Last Updated May 15, 2009 9:51 AM EDT
I already hear the teeth grinding, but bear with me for the purely business analysis. Caveat: you'll have to read closely because Sony's 2008 fiscal year actually ends in 2009, unlike the western convention, and we'll be moving between calendar years and fiscal years a bit. First, here's the quarterly global unit sales data from Sony's own public filings.
|Calendar Quarter||Units (Millions)|
Clearly this isn't a pretty situation. In Sony's 2008 Q3, which translates into calendar year 2008's Q4, sales were $4.33 billion and operating income was $4 million. Dollar sales decreased 32.2 percent year over year -- during the holiday season. Not good. Sony sold 4.46 million PS3 units worldwide from October 1 through December 31 2008. That was a drop of 440,000 units from the same time the previous year. Really not good. Yes, it was the holiday season of a tough year, but Sony's main competitors seemed to have done pretty well.
So, for calendar year 2008, unit sales were 10.78 million, a year-over-year increase of 21.8 percent compared to calendar year 2007 unit sales of 8.85 million. But I'd argue that it's now time to switch to a fiscal year view -- not to game the analysis, but to get out of the introductory phase of the PS3, which did start a bit slowly. On a fiscal year basis, the period through March 31, 2009 saw PS3 unit sales of 10.06 million, versus the period through March 31, 2008 of 9.12, for an increase of 10.3 percent. It's been increasing in total, but, as that pesky graph shows, the historic trend of PS3 sales literally looks as though they are peaking.
If that's not bad enough, here's the really scary part for Sony: It is still losing money in games. Sales for the division dropped by 18 percent fiscal year over year. According to the company, much of the fall was due to the appreciating value of the yen, but even then there was an 8 percent slide on a local currency basis. Again, on a fiscal year-over-year basis, although PS3 unit sales were up, PS2 sales, which have helped shore up the division, dropped by over 42 percent. PS3 software was up by 45.8 million units, but PS2 software sales were down by 70.5 million units. That was a one-two punch, and the company attributed much of their loss beyond appreciation of the yen to the PS2 sales slowdown. In other words, the ten year old cash cow is giving up the ghost, and that's been the driver of revenue. PSP hardware unit sales were up by about 2.2 percent, but PSP software unit sales were down by 9.4 percent.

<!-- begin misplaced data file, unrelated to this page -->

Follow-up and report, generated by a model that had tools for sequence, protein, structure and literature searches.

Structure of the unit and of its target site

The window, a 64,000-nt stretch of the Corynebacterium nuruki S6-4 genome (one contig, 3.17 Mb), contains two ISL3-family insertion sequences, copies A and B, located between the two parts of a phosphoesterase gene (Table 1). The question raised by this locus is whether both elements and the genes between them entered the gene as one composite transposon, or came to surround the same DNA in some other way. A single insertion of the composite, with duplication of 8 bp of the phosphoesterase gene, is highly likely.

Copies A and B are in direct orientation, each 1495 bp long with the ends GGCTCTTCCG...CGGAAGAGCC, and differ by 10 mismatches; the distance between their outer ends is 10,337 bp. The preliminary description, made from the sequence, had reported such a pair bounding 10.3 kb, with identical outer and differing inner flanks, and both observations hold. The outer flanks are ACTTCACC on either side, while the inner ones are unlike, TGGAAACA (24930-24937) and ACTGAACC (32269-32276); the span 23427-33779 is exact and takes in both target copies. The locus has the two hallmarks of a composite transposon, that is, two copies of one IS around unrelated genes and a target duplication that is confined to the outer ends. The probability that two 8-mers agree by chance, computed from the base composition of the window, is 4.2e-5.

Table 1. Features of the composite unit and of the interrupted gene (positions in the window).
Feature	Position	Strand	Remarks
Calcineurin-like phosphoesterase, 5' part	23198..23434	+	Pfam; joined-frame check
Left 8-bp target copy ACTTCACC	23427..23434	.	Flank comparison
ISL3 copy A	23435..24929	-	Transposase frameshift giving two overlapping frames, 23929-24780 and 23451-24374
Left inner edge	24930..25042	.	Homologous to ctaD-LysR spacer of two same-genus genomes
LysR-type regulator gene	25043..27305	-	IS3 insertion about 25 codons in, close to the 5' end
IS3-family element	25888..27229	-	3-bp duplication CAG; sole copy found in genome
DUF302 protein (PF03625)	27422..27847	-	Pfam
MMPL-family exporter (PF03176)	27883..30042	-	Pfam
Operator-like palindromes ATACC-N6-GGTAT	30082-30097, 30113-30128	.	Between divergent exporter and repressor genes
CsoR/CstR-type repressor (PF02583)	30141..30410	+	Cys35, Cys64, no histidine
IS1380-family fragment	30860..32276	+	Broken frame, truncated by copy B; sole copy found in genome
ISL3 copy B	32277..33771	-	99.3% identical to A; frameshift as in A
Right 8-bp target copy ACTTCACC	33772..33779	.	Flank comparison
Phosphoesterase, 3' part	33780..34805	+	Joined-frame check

And guess what? Sony is already saying that the coming year is also going to be a bad one for its game division. The business will continue to record a loss because of appreciation of the yen and -- wait for it -- dropping PS2 sales. , which means that the strategy of dropping PS2 prices to seed the market for buyer conversion to PS3s continues to be incomprehensible. Sony does say that it expects continued drops in PS3 hardware costs and an "enhanced line-up of software titles" to improve the profitability of the PS3. But this is corporate speak for hopefully losing less money than before, because if the units were making money, the division could.
As I've been saying for a while, the high cost of producing the PS3 has been killing this business. The only way out of that is increasingly ramp up sales so higher production could translate into lower costs, but as the unit projection suggests, that's not likely. And the point becomes obvious when you look at the following chart that does a unit trend projection through the rest of Sony's fiscal year 2009 (that is, through March 31, 2010).
Not only will revenue continue to drop, but there's a good chance that PS3 unit sales will be falling. But then, you also have to wonder about a company whose management, after a whopping $2.32 billion loss for the year, decides to pay a dividend to shareholders, essentially bribing them to stay around. When a company loses money, doesn't a dividend have to come out of money in the bank or money (borrowed) from a bank? Hey, at least they lost less money than the banks.